Arnold Dreyblatt - Turntable History [Important Records - 2011]Don't be fooled by the album title, there's no funk break beats or old crackling jazz tunes on here. The "turntable," in this case, was a device used to display various images while sounds emerged from five separate sources within a confined space, and this album is a recording of what that room sounded like.
Of course, without a 5.1home stereo system (and mastering geared towards this) a great deal of the impact may be lost coming out of only a single pair of speakers, and this was the challenge created in making this installation piece something enjoyable "outside the installation. The source sounds came from recordings of an MRI scanner, and I can tell you from being inside these machines several times, they make a LOT of sound. Each speaker is dedicated to an extended texture, many of which sound like electronic foghorns, and, one at a time, cuts off, lets the other speakers take over for a bit, and then rejoins the chorus. There is a lot of what feels like negative space on this single-track album, caused by one powerful sound cutting out from one side and leaving a much less dominant sound to play through the other side, and the result is the perception of silence which isn't actually there.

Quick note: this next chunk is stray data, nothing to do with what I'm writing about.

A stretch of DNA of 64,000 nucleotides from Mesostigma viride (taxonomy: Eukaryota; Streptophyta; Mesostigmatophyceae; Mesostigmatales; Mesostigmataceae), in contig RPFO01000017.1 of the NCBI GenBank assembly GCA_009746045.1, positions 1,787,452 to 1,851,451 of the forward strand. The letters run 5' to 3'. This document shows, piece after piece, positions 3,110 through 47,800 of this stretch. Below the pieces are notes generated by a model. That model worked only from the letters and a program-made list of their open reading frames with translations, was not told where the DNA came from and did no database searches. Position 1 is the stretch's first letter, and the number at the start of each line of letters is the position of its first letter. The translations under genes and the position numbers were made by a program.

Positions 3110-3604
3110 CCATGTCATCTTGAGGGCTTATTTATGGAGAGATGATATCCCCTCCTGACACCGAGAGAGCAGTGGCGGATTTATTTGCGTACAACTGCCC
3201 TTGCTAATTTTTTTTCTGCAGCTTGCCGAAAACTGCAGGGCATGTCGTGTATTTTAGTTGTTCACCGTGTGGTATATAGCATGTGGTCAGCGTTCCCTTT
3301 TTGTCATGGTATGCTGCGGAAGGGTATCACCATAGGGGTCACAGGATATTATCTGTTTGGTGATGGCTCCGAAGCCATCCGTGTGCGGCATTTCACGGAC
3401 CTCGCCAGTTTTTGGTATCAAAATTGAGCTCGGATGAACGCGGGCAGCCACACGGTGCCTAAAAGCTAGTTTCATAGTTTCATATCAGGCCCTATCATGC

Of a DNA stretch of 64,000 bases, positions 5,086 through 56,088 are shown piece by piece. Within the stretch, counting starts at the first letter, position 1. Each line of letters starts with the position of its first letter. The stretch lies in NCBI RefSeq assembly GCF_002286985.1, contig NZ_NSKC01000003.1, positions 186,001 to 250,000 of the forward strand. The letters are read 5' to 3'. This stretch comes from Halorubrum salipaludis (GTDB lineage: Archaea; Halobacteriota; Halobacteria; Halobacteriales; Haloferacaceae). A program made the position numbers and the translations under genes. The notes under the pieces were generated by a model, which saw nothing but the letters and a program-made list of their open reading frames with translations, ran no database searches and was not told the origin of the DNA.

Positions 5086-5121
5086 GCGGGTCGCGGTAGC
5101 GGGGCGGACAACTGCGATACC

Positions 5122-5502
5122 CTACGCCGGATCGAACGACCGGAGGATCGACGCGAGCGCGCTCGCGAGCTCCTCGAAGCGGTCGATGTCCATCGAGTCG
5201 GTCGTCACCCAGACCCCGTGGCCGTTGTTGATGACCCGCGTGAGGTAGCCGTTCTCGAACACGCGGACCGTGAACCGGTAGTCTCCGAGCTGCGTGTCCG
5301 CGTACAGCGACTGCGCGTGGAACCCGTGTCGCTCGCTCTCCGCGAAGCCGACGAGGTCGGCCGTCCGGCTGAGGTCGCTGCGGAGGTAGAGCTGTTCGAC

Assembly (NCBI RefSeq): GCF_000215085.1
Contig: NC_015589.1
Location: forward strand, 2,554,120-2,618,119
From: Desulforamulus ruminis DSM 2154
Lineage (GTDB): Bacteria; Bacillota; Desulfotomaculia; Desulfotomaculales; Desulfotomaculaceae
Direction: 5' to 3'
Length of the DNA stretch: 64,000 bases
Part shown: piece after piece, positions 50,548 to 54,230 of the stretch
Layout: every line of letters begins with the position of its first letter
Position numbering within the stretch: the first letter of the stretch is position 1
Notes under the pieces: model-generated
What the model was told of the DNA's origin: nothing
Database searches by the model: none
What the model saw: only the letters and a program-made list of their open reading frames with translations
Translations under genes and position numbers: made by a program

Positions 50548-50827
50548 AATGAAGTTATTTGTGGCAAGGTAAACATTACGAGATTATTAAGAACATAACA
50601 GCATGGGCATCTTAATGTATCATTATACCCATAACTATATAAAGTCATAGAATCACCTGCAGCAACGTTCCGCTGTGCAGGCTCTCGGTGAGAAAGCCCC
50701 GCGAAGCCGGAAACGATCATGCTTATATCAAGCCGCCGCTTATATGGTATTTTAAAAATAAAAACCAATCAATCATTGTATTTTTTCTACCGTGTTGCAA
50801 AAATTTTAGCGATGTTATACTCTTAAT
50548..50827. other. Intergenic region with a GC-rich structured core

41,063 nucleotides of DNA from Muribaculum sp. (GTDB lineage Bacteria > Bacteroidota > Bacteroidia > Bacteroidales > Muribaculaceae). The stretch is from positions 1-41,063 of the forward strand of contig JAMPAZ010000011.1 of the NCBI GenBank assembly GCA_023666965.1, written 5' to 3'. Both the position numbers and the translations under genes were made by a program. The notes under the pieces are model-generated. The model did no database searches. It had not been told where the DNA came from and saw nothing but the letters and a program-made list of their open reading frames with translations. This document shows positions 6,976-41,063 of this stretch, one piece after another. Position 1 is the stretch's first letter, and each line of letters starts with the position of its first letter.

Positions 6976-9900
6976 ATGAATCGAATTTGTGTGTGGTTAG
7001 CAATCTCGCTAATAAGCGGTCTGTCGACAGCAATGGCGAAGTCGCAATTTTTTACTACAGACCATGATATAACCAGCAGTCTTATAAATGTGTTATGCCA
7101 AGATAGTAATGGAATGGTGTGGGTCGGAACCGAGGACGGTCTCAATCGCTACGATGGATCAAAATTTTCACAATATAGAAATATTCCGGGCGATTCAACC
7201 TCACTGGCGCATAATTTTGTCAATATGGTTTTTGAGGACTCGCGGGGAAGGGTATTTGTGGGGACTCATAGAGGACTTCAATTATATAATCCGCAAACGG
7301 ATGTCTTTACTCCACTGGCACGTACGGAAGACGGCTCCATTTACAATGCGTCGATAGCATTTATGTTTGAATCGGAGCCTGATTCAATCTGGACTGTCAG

The album takes many twists and turns, but focuses primarily on three sound types: pulsating sound, steady, horn-like sound, and ringing sound. These three are mixed up dynamically, trading off loud and softness as well as left and right panning, in addition to minor alterations in timbre. This album can best be compared to bagpipe playing, both in color and introduction of pitch change. Be prepared for the "three sound type focus" to be occasionally thrown out the window; there are definitely plenty of surprises lurking around the corners to keep you interested. Sudden high-pitched ringing transforms into a swatch of dissonant ugliness, a fax-machine like buzzing takes center stage and cuts through the other sounds, and sometimes so many sounds will join at once that it becomes a pool of mud.
Very unique sounds on this record, some of which you may recognize if you've had an MRI scan done recently, and they all come off as not too heavy on the effects, or, if the effects were heavily used, it still comes off as fairly clean and pure tones and textures. The main question here is whether or not listening to this album through a two-speaker stereo captures the intent of the original, five-speaker performance. At times the sounds tend to blend a bit the way you would expect five separate sources would, clashing together around an enclosed space, but at times it also feels just a bit too difficult to properly distinguish the sounds from one another as they easily would have been distinguished in the original setting. Overall, the album takes the impossible task of making two speakers sound like five and does a pretty decent job of making it work, and doesn't detract from the colors of the sounds.Jake Vreeland